- Page 25 and 26: Remark 3.2 The assumption n ≥ 3 i
- Page 27 and 28: Corollary 3.5 Let n ≥ 2.1. If G i
- Page 29 and 30: The assertions about the torsion an
- Page 31 and 32: For j ≠ i, j ≥ 2 the group X τ
- Page 33 and 34: since the product over all componen
- Page 35 and 36: 4 A first quotient of π 1 (X gal )
- Page 37 and 38: 4.2 The quotient for the étale fun
- Page 39 and 40: of K. The normalisation of X inside
- Page 41 and 42: Hence the induced homomorphism from
- Page 43 and 44: zero. Hence the proof also works al
- Page 45 and 46: an isomorphism between these two gr
- Page 47 and 48: In particular, for H = 1 we obtain
- Page 49 and 50: For an element g of the inertia gro
- Page 51 and 52: eThis automorphism has order e i an
- Page 53 and 54: Hence the homomorphisms from π top
- Page 55 and 56: 5 A generalised symmetric group5.1
- Page 57 and 58: Theorem 5.3 For n ≥ 5 there exist
- Page 59 and 60: Proposition 5.6 (Rowen, Teicher, Vi
- Page 61 and 62: First, assume that i = n. ThenNow a
- Page 63 and 64: We note that for affine subgroups n
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Every element of H 2 (G) maps to an

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PROOF. We let F d /N ∼ = G and F

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5.4 ExamplesWe now compute ˜K(−,

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Theorem 5.22 For a K(G, 1)-complex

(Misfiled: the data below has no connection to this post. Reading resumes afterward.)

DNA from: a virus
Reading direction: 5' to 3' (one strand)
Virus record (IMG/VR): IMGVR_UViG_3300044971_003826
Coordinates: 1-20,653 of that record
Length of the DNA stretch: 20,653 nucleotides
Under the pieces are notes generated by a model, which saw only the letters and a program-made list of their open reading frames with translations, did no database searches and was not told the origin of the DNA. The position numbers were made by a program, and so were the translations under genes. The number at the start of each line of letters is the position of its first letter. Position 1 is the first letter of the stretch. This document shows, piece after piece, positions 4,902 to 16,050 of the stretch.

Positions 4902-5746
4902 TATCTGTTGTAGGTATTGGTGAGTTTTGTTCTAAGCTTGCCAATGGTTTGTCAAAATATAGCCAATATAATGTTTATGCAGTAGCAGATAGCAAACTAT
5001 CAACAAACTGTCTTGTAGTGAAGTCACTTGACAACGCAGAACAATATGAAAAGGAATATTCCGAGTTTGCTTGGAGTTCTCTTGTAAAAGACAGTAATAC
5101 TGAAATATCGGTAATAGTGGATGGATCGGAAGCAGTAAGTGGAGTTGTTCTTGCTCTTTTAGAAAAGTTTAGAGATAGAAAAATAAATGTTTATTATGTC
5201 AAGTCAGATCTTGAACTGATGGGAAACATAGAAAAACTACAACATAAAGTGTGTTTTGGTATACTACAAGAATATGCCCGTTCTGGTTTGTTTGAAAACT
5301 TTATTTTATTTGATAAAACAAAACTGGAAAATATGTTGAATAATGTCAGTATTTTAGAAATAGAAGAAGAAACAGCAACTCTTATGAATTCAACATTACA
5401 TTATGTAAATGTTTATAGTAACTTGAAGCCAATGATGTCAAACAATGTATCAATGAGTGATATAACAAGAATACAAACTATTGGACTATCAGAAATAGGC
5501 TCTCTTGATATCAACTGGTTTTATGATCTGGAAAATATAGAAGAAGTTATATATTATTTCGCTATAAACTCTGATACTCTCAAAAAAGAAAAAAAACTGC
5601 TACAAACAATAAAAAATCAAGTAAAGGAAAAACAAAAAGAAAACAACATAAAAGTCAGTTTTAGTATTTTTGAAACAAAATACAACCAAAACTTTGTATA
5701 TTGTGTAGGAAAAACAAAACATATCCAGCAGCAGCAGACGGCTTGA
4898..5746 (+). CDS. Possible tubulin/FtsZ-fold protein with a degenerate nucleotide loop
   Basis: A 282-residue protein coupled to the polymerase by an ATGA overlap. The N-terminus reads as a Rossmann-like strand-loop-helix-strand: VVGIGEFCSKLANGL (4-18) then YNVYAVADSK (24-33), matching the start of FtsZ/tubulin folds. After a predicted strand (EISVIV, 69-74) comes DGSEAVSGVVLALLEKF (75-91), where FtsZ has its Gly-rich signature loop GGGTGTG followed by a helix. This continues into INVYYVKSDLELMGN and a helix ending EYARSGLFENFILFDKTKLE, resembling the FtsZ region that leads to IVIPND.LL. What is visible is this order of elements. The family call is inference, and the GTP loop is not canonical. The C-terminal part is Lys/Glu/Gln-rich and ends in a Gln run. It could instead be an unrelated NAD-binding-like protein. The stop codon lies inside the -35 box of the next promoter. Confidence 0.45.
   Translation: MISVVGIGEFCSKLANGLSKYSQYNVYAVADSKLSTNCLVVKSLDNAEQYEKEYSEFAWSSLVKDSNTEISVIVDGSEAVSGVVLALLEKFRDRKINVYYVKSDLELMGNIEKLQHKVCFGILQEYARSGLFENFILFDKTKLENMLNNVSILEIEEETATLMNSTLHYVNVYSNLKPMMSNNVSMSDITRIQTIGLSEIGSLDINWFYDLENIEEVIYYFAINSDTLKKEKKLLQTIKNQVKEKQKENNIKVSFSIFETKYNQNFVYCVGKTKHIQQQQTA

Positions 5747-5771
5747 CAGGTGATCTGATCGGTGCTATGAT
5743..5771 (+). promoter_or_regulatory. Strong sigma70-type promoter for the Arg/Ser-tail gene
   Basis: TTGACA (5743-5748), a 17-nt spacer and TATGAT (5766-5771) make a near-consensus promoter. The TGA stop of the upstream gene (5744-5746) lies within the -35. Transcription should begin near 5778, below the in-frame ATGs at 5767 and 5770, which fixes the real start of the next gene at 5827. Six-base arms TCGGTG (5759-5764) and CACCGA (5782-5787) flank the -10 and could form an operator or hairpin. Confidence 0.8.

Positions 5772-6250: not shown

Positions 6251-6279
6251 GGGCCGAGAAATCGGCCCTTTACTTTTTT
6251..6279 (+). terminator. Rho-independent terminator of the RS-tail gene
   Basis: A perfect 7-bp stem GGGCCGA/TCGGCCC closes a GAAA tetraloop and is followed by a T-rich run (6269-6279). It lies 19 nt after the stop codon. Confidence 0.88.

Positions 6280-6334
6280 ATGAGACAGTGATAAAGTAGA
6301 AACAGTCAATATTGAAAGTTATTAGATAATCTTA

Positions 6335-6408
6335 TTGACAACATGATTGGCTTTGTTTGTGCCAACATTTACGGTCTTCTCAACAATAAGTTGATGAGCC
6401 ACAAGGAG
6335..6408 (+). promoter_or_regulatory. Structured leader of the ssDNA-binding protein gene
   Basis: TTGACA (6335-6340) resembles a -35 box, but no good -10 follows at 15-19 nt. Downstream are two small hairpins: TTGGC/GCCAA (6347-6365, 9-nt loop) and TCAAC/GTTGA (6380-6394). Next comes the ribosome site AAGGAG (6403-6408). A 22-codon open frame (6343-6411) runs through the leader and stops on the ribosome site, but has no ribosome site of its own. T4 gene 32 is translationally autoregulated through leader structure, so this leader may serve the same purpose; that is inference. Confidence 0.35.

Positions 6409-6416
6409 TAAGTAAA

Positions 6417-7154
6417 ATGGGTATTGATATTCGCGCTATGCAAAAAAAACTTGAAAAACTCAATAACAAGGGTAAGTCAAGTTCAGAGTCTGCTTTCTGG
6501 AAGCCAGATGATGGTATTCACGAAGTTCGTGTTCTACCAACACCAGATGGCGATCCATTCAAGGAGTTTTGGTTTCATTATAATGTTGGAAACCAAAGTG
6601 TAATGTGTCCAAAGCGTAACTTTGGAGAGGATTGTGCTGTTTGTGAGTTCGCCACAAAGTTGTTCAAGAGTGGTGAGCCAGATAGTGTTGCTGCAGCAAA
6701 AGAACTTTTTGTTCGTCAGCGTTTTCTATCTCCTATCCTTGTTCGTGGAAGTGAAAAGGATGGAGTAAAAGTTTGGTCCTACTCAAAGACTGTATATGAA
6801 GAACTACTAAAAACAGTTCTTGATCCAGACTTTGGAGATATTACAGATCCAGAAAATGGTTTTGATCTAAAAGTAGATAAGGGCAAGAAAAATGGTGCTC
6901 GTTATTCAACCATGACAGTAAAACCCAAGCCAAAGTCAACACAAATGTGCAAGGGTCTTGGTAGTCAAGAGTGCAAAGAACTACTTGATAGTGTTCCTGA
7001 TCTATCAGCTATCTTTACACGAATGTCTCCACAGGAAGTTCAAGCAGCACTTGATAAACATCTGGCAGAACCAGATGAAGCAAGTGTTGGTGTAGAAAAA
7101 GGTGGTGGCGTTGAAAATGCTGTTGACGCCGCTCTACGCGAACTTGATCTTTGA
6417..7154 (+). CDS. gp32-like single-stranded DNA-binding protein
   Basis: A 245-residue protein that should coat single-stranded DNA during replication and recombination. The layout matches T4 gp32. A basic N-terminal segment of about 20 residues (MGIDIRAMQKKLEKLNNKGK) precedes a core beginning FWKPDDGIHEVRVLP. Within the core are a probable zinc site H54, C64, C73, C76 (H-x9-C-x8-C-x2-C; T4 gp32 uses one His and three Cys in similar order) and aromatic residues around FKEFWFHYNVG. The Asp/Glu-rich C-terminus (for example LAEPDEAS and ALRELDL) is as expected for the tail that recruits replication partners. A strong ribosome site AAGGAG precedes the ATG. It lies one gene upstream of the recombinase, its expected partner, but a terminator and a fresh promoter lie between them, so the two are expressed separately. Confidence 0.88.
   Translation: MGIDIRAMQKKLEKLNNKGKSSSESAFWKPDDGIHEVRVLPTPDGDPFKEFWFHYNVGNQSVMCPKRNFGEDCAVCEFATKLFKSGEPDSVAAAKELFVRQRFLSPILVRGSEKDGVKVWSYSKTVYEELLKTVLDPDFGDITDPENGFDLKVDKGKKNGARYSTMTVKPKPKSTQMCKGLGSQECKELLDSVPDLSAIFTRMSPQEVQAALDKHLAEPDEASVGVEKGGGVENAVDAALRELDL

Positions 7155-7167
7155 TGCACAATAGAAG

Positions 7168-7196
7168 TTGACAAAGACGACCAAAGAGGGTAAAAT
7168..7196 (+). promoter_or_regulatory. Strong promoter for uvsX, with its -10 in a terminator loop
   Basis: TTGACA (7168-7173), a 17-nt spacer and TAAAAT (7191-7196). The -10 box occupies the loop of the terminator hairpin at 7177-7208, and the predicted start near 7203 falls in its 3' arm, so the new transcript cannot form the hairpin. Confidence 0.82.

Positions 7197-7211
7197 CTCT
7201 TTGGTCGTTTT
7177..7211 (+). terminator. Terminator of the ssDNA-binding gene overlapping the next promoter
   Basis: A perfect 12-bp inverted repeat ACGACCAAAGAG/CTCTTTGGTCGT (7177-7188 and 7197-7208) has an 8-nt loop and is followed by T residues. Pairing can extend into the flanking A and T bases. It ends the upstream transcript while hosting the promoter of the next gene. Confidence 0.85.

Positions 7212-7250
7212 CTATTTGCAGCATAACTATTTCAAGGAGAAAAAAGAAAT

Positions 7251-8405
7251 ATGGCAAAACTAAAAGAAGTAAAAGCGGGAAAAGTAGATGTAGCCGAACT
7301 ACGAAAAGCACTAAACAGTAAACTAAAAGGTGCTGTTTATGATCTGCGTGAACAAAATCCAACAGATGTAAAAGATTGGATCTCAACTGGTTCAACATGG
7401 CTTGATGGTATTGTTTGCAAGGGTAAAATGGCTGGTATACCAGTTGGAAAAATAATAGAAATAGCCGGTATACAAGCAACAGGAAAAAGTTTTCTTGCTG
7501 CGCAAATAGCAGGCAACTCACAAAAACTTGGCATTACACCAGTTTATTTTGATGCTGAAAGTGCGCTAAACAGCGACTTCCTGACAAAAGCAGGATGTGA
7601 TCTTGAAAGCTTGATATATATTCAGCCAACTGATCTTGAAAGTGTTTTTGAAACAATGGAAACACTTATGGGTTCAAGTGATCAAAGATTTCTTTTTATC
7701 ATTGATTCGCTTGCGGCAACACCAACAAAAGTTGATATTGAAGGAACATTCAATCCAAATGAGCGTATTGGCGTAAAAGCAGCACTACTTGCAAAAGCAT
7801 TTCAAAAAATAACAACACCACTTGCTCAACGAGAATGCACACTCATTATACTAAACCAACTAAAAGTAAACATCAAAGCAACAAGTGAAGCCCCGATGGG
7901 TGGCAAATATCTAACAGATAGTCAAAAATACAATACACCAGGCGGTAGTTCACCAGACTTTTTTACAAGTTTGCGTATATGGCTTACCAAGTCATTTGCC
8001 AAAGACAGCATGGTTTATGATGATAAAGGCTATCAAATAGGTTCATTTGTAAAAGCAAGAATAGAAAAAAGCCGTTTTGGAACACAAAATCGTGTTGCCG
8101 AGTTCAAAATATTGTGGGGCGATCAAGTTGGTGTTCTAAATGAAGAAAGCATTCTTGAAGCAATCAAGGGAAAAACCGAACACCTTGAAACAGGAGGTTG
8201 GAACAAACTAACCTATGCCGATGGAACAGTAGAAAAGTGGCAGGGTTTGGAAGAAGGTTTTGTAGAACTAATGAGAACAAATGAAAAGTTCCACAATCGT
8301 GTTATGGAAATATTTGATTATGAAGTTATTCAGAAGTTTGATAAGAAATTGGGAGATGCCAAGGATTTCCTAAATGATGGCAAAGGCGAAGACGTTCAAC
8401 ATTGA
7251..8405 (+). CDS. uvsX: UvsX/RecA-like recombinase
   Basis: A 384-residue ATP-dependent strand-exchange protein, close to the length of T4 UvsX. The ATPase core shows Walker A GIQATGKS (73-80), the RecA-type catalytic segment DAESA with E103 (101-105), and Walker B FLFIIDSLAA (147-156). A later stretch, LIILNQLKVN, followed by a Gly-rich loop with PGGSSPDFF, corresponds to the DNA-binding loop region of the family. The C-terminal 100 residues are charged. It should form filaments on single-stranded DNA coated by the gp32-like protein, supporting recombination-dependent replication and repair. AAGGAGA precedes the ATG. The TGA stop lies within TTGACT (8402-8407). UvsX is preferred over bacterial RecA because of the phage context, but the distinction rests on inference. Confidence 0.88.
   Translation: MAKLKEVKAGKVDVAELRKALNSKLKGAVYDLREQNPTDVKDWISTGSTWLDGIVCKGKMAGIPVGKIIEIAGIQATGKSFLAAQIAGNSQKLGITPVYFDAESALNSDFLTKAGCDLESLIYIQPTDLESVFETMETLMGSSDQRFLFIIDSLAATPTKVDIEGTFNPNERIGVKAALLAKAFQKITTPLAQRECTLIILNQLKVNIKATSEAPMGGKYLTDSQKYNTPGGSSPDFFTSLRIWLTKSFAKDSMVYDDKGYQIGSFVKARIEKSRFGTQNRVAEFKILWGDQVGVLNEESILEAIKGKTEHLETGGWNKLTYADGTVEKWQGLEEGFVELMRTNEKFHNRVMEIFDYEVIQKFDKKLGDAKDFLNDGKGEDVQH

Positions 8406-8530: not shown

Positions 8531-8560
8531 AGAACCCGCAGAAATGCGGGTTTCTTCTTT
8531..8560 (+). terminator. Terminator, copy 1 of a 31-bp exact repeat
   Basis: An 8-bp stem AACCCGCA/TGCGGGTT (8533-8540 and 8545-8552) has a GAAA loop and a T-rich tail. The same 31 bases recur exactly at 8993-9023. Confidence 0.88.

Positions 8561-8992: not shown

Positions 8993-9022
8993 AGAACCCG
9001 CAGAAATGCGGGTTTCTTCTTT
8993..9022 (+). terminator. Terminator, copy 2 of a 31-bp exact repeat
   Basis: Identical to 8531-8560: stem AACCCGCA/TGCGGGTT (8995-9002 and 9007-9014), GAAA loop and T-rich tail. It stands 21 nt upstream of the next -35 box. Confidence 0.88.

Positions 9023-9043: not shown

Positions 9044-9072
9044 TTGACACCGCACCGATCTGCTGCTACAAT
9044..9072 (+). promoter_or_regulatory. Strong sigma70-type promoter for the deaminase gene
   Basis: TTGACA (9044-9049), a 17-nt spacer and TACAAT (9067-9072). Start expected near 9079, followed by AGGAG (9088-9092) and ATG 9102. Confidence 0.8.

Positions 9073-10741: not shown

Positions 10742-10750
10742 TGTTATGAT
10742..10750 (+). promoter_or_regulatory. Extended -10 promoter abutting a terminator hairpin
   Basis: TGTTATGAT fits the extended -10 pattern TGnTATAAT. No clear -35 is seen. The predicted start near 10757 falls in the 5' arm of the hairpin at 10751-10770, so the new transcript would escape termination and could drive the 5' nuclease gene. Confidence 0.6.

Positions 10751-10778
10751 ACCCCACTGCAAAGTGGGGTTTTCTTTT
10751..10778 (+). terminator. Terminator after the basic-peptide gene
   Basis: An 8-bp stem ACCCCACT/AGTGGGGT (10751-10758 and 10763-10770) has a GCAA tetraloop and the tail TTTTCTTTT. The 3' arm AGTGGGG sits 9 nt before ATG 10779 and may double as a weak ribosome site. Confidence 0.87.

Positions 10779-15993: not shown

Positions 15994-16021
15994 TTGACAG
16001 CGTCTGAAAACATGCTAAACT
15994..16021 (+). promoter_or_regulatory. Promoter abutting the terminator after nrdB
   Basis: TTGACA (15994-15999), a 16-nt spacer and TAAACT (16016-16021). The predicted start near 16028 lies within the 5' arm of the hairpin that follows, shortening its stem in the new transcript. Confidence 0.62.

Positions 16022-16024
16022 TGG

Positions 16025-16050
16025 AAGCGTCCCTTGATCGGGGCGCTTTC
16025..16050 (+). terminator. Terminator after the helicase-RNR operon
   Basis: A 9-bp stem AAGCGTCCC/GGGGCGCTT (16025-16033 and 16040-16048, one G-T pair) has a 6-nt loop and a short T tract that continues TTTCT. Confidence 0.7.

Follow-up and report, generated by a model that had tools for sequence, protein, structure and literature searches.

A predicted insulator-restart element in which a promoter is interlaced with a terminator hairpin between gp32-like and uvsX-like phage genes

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Example 5.24 The homomorphism ψ ma

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6 ConclusionJetzt nehmt den Wein! J

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This can be also formulated as foll

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Severi claimed that a curve with on

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where ϕ denotes the splitting of

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Corollary 6.3 Under the assumptions

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Proposition 6.5 Under the isomorphi

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Remark 6.8 Proposition 6.5 shows us

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We remark that the group on the lef

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E(π top1 (Z), n). By Corollary 3.3

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7.3 Surfaces in 3Let X m be a smoot

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If we denote by Π g the fundamenta

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NotationsVarieties and morphismsf :

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[GR1][GR2][GH][SGA1]H. Grauert, R.